Among the Antimacassars
- Flush by Virginia Woolf, edited by Elizabeth Steele
Blackwell, 123 pp, £50.00, December 1998, ISBN 0 631 17729 9
- Timbuktu by Paul Auster
Faber, 186 pp, £12.99, June 1999, ISBN 0 571 19197 5
According to Baudelaire, fervent lovers and austere scholars have one thing in common, especially in their riper years. They share a love of household cats, who, like them, are ‘sédentaires’ and ‘frileux’ – sensitive to draughts. Baudelaire wrote many hymns to the friend of sensuality and learning, but it was another hundred years before cats reached their current popularity as pets. They have always had their followers but their association with paganism, with heresy and sorcery, made them a constant object of suspicion in Christian Europe. Condemned as the devil’s agents at witchcraft trials, burnt alongside Protestants by Mary Tudor and alongside Catholics by Elizabeth I, roasted at country fairs and persecuted for sport, cats were often given short shrift in Britain. Ancient symbols of fertility, they were commonly deemed lascivious (the female cat was especially lecherous), but feline stand-offishness was the real problem. The cat was of limited worth to humans since it only looked out for itself: ‘a useful but deceitful domestic’ possessed of ‘an innate malice’, as the Encyclopaedia Britannica put it in 1787.
It was as protomodernists, ideal familiars of the self-conscious urban individual, that cats came into their own. To the avant-garde their aloofness seemed introspective; their sphinx-like calm and hieratic inscrutability (that capacity to shutter their vision which had struck others as sinister) was at one with the Symbolist sense of the hermeneutic. Cats were nocturnal, reclusive, and much given to reverie. They were natural dandies, fond of grooming and preening themselves; aesthetes rather than philistines; cosmopolitan rather than alien. Avatars of Orientalism (breeds like the Abyssinian and Blue Persian made their way into European homes in the late 19th century), they could conjure the exotic or luxurious. The cat’s reputation for libertinism was championed by bohemians and artists as anti-bourgeois (a small black cat completes the erotic display alongside the prostitute and the negro maid in Manet’s Olympia). Decadents relished the feline: Swinburne, for instance, recognised ‘a friend of loftier mind’ in his cat’s lordly condescension. With their flat planes and sinuous curves, cats’ bodies were perfect formal subjects for the new graphic arts (Steinlen, who used them continually in posters advertising tea and milk, was obsessed with them; his Paris house, with its colony of strays, was known as ‘Cats’ Corner’). Smooth-contoured cats were discovered in Japanese watercolours, where the cat is an emblem of nobility, and their sculptural possibilities, as well as their gravitas, were further enhanced by the excavation of cat-deities in Egypt. Cats were suddenly stylish, as the sleek bronze creature who patronises the stairwell at Heal’s reminds us. They became the darlings of Art Deco. As pets they shared their owners’ passion for the comforts of a more private domesticity; and were, at last, valued, rather than vilified, for their independence.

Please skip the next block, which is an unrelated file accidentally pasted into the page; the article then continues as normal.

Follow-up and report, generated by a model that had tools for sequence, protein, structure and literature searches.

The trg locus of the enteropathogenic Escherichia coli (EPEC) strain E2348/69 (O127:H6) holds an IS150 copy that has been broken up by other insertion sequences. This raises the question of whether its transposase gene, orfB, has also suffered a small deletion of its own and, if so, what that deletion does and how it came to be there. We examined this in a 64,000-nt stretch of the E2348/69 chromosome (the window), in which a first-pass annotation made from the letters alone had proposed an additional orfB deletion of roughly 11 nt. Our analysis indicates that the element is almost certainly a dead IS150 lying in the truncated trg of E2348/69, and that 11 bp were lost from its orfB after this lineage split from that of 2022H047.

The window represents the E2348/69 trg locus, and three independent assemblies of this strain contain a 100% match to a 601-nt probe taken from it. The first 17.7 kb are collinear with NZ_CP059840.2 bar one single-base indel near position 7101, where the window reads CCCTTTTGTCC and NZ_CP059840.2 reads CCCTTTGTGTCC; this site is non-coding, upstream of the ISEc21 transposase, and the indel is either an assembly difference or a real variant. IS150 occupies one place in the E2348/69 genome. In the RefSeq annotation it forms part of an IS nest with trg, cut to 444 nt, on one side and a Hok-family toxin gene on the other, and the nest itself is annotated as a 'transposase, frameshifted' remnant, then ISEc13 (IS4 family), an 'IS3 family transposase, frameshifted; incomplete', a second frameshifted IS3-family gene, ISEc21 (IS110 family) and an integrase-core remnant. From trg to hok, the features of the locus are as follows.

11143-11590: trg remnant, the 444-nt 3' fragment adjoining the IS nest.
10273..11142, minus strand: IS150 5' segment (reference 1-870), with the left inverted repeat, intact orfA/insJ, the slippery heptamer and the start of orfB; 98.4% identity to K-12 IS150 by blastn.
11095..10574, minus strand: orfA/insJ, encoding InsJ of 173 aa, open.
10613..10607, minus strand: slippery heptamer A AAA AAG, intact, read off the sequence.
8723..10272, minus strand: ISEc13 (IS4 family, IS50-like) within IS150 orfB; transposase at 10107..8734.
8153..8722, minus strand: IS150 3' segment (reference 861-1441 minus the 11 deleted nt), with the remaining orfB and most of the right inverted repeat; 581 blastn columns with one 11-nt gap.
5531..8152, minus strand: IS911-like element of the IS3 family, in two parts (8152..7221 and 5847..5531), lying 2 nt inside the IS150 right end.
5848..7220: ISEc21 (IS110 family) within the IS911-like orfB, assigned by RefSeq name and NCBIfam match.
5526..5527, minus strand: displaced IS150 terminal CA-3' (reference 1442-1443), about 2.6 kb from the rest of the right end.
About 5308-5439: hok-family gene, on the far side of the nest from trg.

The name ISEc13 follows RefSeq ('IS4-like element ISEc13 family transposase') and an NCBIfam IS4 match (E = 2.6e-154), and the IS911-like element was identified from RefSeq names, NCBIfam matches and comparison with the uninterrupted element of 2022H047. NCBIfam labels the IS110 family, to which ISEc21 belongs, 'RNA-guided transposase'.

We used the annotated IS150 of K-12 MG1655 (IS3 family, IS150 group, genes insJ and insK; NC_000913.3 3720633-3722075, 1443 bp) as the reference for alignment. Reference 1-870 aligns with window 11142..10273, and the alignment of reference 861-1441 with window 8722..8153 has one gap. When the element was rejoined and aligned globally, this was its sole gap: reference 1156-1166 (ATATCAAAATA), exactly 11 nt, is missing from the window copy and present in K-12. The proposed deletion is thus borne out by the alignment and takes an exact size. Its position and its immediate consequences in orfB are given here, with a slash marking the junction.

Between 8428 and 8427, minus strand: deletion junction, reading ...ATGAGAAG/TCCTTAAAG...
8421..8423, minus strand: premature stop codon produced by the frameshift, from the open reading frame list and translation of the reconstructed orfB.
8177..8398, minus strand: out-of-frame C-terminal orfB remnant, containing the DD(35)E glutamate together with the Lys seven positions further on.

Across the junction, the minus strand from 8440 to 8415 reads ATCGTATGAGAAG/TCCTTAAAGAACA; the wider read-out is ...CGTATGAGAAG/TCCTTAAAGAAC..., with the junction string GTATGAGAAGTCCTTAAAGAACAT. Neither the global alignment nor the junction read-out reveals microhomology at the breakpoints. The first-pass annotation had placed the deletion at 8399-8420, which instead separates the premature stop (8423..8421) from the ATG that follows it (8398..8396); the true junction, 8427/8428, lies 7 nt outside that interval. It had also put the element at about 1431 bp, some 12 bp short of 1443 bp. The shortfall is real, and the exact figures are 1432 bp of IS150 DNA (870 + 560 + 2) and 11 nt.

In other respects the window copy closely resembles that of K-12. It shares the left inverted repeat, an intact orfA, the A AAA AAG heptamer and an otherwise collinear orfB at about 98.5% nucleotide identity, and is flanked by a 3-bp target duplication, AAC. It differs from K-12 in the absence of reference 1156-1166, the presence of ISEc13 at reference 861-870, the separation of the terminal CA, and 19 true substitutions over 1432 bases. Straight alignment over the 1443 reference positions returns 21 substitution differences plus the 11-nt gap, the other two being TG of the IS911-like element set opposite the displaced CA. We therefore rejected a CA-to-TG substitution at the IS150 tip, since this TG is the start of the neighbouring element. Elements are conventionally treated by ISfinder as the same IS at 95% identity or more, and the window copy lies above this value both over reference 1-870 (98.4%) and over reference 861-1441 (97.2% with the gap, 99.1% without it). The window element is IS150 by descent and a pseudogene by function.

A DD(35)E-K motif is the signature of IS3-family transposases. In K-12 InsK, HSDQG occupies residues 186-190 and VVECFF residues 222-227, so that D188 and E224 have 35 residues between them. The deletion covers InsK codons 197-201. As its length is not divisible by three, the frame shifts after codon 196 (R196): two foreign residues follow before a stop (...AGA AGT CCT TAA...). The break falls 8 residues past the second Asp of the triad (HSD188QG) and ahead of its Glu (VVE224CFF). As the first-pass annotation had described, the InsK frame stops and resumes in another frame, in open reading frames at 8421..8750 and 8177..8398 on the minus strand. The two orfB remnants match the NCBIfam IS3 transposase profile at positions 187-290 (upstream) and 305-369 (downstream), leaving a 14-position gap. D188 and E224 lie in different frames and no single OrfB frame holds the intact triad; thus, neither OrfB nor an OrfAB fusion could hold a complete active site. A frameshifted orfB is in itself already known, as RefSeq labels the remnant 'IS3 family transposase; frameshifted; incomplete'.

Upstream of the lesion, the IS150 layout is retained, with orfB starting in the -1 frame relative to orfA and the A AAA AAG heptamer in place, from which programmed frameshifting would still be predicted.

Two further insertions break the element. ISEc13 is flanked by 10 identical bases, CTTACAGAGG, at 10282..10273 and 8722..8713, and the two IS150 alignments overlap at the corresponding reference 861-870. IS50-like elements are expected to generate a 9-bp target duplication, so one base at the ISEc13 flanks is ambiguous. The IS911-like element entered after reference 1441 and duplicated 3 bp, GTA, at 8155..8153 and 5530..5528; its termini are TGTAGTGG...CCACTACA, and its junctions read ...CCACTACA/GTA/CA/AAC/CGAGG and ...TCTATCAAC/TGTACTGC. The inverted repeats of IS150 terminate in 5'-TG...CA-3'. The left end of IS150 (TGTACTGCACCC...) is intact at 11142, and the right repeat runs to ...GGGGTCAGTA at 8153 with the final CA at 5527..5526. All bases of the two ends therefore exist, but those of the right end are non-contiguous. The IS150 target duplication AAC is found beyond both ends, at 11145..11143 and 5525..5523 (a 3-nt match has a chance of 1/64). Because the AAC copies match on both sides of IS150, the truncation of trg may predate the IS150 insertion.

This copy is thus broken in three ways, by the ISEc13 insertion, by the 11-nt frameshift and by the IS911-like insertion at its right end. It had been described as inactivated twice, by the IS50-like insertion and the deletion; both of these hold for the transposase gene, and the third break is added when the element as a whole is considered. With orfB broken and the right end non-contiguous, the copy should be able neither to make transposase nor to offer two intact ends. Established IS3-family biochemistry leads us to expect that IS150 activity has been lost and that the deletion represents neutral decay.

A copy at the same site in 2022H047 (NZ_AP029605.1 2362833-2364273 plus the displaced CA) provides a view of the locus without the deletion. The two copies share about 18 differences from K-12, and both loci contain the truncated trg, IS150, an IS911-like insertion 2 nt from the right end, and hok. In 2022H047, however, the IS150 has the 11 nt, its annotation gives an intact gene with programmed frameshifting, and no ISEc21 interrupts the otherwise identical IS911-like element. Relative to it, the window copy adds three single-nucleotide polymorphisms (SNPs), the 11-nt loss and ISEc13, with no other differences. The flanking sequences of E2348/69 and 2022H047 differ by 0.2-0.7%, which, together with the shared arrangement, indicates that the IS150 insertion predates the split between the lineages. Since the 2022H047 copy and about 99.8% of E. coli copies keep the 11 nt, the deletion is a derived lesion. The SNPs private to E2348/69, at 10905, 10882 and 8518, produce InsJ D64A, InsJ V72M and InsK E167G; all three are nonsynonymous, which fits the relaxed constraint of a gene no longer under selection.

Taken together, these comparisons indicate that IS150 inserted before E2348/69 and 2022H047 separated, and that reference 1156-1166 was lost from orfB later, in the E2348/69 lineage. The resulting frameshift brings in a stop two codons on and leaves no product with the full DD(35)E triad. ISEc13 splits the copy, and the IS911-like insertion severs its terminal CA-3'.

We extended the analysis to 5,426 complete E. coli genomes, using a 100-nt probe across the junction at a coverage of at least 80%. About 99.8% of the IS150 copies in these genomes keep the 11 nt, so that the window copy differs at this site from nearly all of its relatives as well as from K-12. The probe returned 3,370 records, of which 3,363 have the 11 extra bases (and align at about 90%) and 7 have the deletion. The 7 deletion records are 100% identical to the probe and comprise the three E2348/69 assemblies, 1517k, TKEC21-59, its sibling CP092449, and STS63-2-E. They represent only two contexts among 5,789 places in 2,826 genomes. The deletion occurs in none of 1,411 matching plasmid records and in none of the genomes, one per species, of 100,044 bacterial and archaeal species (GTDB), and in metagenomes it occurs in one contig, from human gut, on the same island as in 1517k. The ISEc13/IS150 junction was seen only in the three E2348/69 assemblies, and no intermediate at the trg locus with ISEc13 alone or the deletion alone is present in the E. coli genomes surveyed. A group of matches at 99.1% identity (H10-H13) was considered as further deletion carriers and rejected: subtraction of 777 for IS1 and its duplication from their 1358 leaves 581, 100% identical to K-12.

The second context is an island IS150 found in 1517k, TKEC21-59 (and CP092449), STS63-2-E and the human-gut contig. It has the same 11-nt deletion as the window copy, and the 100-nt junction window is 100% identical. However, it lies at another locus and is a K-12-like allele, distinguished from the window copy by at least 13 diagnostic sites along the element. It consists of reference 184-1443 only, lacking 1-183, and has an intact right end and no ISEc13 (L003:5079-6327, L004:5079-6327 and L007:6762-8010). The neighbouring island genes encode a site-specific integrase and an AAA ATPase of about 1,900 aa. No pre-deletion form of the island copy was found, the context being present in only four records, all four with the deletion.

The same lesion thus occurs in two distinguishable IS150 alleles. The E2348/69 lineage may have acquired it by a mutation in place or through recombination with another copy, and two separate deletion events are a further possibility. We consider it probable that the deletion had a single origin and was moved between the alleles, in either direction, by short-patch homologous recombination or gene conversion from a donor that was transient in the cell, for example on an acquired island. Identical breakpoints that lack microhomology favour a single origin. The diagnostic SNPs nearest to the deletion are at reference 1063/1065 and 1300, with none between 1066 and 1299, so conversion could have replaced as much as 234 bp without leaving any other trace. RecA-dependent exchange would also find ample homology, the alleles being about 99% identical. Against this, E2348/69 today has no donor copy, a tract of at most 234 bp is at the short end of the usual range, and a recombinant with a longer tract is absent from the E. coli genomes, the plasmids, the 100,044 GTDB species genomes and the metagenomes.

If cats were modern, the past, especially in England, was canine. Dogs were the Victorians’ top domestic animal because – unlike cats – they were deeply attached to their masters. From the late 18th century the new benevolence towards animals, and commiseration with their sufferings, favoured the dog as an emotional creature. Feelings created affinities between animal and human; their lack of reason, formerly the sign of their difference, counted for less. ‘The perfection of an animal’, Buffon wrote in his hugely popular Histoire naturelle (1762), depends on ‘the perfection of sentiment’, and he judged the dog’s ‘interior qualities’ closest to mankind’s (Pliny’s Natural History had preferred the elephant for its intelligence). Dogs expressed themselves sympathetically; caterwauling was diabolical by comparison. They responded to their keepers, pining at absences, welcoming returns, growling at strangers, even howling at deaths. Not just symbols of human virtue, but superior sensibilities (as the young Byron insisted in his epitaph to Boatswain, his Newfoundland dog and ‘one friend’), dogs became fit matter for poetry.
Although these new ways of anthropomorphising animals were evidence of a more sceptical or secular mentality – ‘anthropomorphism’ had shifted from its original meaning of attributing human qualities to the Deity – they were nevertheless compatible with faith: a loving dog might exemplify a loving God whose ‘strength of feeling’, as Wordsworth wrote in ‘Fidelity’ of 1805, was equally beyond human estimate. Dogs were a tie. That was their point. They encouraged and anchored the affections; they set a limit to self-centredness, prompting reflection on the need, in an increasingly materialist culture, for social and personal bonds which put others first.
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